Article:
Jose Mourinho playing the blame game already an ominous sign for Tottenham
Portuguese manager had enjoyed remarkable second-season record throughout his career, until last job at United that soured all too quickly
If second-season syndrome afflicted some, Jose Mourinho’s variant of it only enhanced his reputation.
He won the league title in his second season at Porto, Chelsea, Inter Milan, Real Madrid and Chelsea again, twice adding the Champions League for good measure.
His second season at Tottenham began with a 90-minute illustration of how to kill any summer optimism.
Lest any was lingering after defeat to Everton, Mourinho branded his players “lazy” and said they had the wrong state of mind. Perhaps, he could say, this does not qualify as his second season in charge.
The only comparable situation in his career came at Porto when, after a January appointment, he won the league and the Uefa Cup in his second campaign, but first full season.
The theme of his career has been that, once his players improve from his methods and he uses a famously analytical brain to diagnose what his side needs and strengthens accordingly, glory follows.
Yet there is a second, less flattering theme: that as Mourinho strays further from his prime, the highs are not as high and things unravel quicker.
His second season at Manchester United did not yield the title. His mood soured part way through it, spiralling towards a sacking the following December.
Tottenham finished last season with 14 points from a possible 18 so one game, however wretched they were against Everton, represents too small a sample size to definitely say ambitions will go unrealised this season. But it was nevertheless an awful start.
A recurring feature of Mourinho’s rhetoric is his capacity to blame others: the fault always lies with them for failing to implement his perfect plans.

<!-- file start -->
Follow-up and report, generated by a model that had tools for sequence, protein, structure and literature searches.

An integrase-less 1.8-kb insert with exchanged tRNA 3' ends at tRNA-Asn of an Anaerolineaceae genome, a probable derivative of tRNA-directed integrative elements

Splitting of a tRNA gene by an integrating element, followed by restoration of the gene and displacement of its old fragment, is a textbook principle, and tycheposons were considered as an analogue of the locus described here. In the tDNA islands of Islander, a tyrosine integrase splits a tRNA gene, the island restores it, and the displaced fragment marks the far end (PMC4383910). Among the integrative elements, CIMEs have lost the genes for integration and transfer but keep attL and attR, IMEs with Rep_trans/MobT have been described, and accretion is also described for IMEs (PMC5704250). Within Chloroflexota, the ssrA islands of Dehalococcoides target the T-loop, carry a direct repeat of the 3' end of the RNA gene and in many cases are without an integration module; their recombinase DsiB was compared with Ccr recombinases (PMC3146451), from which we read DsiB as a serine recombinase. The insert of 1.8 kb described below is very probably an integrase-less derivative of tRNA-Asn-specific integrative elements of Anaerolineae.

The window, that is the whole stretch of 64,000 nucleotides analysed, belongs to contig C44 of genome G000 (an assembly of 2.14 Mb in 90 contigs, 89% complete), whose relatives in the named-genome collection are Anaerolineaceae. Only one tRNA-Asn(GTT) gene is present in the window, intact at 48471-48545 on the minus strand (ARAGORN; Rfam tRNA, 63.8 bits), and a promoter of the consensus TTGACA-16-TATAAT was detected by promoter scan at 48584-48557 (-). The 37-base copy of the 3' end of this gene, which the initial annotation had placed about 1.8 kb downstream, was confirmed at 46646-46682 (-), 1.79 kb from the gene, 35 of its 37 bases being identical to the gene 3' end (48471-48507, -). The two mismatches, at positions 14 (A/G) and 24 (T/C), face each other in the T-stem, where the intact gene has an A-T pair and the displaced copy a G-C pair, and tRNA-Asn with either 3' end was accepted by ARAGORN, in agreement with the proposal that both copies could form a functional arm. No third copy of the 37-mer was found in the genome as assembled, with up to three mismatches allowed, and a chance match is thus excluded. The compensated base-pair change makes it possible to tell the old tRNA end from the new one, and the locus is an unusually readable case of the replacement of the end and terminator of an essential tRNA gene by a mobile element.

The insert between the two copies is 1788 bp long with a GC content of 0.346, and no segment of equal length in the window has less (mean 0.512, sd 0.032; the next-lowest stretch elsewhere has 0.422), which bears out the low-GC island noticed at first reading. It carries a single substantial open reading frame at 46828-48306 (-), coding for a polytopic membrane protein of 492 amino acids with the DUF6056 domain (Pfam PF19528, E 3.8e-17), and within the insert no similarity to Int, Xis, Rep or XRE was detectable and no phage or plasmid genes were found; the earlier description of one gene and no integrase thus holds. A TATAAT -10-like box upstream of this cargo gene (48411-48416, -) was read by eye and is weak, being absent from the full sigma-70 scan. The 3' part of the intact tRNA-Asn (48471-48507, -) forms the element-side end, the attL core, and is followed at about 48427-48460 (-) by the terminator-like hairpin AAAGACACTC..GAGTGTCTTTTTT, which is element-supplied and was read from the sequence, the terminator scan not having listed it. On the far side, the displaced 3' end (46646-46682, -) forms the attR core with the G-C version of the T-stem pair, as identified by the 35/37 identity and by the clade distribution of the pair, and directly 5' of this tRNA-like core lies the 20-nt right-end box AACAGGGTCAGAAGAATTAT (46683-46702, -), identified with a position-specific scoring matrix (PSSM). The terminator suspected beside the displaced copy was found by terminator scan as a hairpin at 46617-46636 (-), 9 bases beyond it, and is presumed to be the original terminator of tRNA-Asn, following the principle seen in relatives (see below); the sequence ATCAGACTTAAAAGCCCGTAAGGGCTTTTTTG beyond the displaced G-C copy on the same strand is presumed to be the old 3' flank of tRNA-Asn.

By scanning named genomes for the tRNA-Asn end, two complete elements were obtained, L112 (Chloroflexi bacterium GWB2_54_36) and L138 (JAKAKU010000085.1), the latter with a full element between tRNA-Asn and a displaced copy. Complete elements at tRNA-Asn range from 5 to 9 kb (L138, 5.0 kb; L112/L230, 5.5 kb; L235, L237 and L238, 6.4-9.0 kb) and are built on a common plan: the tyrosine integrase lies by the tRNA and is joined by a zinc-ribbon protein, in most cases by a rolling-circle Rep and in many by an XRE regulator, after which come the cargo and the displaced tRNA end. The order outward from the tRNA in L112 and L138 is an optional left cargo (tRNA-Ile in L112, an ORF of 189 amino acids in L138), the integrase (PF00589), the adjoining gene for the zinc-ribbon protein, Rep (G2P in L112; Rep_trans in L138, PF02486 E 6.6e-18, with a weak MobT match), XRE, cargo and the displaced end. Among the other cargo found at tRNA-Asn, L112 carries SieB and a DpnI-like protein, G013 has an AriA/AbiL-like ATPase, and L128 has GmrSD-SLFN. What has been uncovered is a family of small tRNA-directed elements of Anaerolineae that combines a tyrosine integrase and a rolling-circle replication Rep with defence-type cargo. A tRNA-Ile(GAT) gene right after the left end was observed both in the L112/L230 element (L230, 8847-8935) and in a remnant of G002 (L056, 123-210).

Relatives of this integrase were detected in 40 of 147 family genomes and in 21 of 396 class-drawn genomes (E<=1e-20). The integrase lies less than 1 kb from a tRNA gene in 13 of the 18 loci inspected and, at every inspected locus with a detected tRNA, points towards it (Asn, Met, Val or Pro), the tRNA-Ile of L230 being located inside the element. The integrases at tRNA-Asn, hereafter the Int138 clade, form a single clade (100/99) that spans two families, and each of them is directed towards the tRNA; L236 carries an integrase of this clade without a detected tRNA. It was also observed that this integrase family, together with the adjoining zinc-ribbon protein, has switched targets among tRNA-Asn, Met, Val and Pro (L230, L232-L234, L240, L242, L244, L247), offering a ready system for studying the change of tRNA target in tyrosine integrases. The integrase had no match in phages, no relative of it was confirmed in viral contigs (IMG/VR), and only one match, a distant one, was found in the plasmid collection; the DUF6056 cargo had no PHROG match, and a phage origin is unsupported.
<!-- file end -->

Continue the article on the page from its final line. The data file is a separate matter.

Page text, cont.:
Player ratings from Spurs 0 Everton 1
A regular tactical issue is Mourinho’s struggle to adapt to the times. Pressing is the prevailing theory and Mourinho’s awareness of his need to adapt is apparent in his frequent mentions of it in the All Or Nothing documentary. Knowing its importance and knowing how to implement it are separate issues, however.
The “lazy pressure” Mourinho criticised is supported by the statistics: of the 12 teams who played over the weekend, Spurs ranked 12th for successful pressures, tackles, blocks and interceptions. But if Tottenham felt slow and uninspired, it was not the first time. The same could also be said of his United, especially in his last year.
The half-time withdrawal of Dele Alli, which Mourinho admitted was tactical, felt symbolic and not merely because a No 10 is often supposed to be his side’s most creative player.
Instead, he was removed because, the Portuguese said, “we need more creation.” Alli was a flagship success of Mourinho’s first few weeks; with one league goal and assist since January, that effect has worn off.
Gallery from Spurs v Everton
Mourinho liked to cite the table from his time in charge, showing Spurs fourth in two-thirds of last season, as an endorsement.
Yet the fact they only ranked eighth expected goals showed that fine finishing compensated for a lack of creativity. Harry Kane and Heung-Min Son’s prowess in front of goal are assets, but Mourinho is yet to resolve the question of their supply line.
He was unfortunate to be missing his best technician, Giovani Lo Celso, on Sunday but the fact Pierre-Emile Hojbjerg had three central-midfield sidekicks – in first Harry Winks, then Moussa Sissoko and finally Tanguy Ndombele – shows Mourinho, a manager famed for his decisiveness, is still experimenting with options.
Ndombele, the club record buy, is the one he trusts least but his Tottenham have played in straight lines too often. That predictability does not promise to offer a route into the top four.
For a decade, though, a second-season Mourinho offered a different kind of certainty: a guarantee of success.
Updated: September 15, 2020 11:03 AM